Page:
Skip to content

    Depression Health Center

    Font Size
    A
    A
    A

    Long-Term Antidepressants for Elderly?

    Study Shows Depression in Old People Should Be Treated as Chronic Illness
    By
    WebMD Health News

    March 15, 2006 - Elderly patients who stay on antidepressant drugs after recovering from depression are much less likely to suffer recurrences than patients taken off the drugs or those treated with psychotherapy alone, an important new study suggests.

    Elderly people over the age of 70 who received placebo were more than twice as likely to have their depression return compared with those who received the antidepressant drug Paxil, even after taking into account psychotherapy.

    Monthly psychotherapy was not found to be effective for preventing new episodes of depression among the elderly. The groundbreaking findings suggest that in older patients depression should be thought of more as a chronic illness -- like hypertension or diabetes -- than an episodic one, the study's researcher tells WebMD.

    The study is published in the March 16 issue of The New England Journal of Medicine.

    "We want to change the way physicians think about this illness in the elderly, especially general medicine physicians, because they are the ones who write most of the prescriptions," says Charles F. Reynolds III, MD. "Just like hypertension, depression is often a chronic disease that should be treated indefinitely."

    Depression in Elderly

    Depression is common among the elderly, even in people who have no history of the disease. The goal of treatment is not only recovery but to prevent recurrences, write the authors.

    Depression is widely undertreated in the elderly, and recurrences are common. Rates of recurrent depression during a two-year period range from 50% to 90%, according to the researchers.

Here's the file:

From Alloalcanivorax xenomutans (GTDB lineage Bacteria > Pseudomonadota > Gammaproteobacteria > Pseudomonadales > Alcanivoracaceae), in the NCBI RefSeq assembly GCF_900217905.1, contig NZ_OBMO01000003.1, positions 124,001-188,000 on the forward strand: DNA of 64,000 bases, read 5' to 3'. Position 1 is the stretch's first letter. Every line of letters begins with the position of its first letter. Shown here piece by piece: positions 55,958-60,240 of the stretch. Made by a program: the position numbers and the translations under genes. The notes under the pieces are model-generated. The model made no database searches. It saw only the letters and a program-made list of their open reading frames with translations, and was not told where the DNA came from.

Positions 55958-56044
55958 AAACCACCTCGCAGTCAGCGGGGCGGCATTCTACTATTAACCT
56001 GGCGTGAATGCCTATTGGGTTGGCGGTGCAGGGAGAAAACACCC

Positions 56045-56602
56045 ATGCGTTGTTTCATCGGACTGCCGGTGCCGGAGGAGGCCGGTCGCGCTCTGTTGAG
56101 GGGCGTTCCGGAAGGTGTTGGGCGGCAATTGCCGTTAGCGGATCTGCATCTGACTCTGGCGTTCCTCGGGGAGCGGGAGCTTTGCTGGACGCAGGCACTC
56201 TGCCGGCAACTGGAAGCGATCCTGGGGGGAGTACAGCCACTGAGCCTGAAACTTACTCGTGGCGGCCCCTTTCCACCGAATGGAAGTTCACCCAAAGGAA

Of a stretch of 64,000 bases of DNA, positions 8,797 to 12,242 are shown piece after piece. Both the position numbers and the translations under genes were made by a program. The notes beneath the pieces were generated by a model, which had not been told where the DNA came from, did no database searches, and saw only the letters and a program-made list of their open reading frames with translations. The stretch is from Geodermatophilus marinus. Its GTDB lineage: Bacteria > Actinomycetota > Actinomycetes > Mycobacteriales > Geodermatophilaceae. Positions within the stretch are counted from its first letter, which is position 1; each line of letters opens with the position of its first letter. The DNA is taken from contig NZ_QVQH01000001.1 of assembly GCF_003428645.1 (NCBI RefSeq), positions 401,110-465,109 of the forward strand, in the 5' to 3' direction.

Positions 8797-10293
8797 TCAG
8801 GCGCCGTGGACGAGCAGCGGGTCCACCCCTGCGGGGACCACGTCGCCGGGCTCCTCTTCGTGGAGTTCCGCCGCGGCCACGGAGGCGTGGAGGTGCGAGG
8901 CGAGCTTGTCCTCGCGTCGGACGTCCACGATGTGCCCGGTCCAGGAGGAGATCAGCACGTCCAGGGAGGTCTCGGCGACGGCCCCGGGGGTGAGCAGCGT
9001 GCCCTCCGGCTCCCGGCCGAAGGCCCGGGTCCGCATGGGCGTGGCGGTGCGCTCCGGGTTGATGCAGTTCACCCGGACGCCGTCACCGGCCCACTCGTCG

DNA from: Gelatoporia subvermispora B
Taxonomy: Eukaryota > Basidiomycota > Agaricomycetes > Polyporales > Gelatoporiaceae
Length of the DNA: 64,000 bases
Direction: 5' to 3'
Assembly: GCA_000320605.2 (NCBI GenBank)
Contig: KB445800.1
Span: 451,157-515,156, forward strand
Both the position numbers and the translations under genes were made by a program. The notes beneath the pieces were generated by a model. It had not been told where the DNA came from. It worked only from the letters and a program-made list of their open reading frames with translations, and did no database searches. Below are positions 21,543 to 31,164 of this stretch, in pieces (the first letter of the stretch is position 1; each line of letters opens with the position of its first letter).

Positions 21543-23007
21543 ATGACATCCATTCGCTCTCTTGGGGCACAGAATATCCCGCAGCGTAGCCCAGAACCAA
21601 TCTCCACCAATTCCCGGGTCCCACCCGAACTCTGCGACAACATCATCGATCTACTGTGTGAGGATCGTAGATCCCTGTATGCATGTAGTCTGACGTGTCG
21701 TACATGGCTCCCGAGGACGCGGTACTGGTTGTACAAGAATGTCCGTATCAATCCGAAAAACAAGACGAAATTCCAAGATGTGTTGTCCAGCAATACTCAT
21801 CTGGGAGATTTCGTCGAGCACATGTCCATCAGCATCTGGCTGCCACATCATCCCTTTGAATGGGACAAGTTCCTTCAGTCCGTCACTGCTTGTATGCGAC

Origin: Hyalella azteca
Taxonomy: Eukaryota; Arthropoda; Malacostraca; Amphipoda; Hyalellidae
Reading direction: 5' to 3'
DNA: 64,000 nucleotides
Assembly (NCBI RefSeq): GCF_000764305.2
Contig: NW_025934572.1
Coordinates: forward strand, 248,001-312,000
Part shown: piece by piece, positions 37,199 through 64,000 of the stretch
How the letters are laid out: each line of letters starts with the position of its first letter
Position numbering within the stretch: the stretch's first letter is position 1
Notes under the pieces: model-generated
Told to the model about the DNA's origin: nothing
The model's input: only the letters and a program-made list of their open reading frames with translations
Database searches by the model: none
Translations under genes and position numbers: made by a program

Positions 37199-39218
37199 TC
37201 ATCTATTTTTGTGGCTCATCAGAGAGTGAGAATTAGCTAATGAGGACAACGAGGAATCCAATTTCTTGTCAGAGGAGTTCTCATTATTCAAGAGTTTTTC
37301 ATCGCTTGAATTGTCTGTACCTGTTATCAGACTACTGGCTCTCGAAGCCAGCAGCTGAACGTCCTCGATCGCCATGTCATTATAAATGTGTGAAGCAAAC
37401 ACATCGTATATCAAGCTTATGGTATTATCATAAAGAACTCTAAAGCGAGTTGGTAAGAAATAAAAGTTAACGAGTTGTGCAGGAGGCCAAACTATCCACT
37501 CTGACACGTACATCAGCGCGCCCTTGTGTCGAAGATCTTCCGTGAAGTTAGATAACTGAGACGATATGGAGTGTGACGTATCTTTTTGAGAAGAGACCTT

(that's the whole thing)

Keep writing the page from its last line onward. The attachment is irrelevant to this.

Reynolds says depression in older people tends to be tied closely to overall health and health-related disabilities.

    "Probably anywhere from 6% to 10% of older primary-care patients are experiencing clinically significant depression at any point in time," he says. "The figure is closer to 15% to 20% for older people in medical hospitals and 20% to 25% for people in nursing homes."

    He points out that there is no standard medical treatment strategy for patients who have their first bout of depression very late in life. There is no consensus about whether long-term treatment with antidepressant medication is appropriate in this age group.

    1 | 2 | 3

    Today on WebMD

    contemplation
    Differences between feeling depressed and feeling blue.
    jk rowling
    Famous people who've struggled with persistent sadness.
     
    depressed man sitting on hallway floor
    Learn the truth about this serious illness.
    Sad woman looking out of the window
    Tips to stay the treatment course.
     
    unhappy teen boy
    Health Check
    jk rowling
    Slideshow
     
    Pills with smiley faces
    Article
    Teen girl huddled outside house
    Article
     
    Depressed man sitting in hospital hallway
    Article
    antidepressants slideshow
    Article
     
    pill bottle
    Article
    Winding path
    Article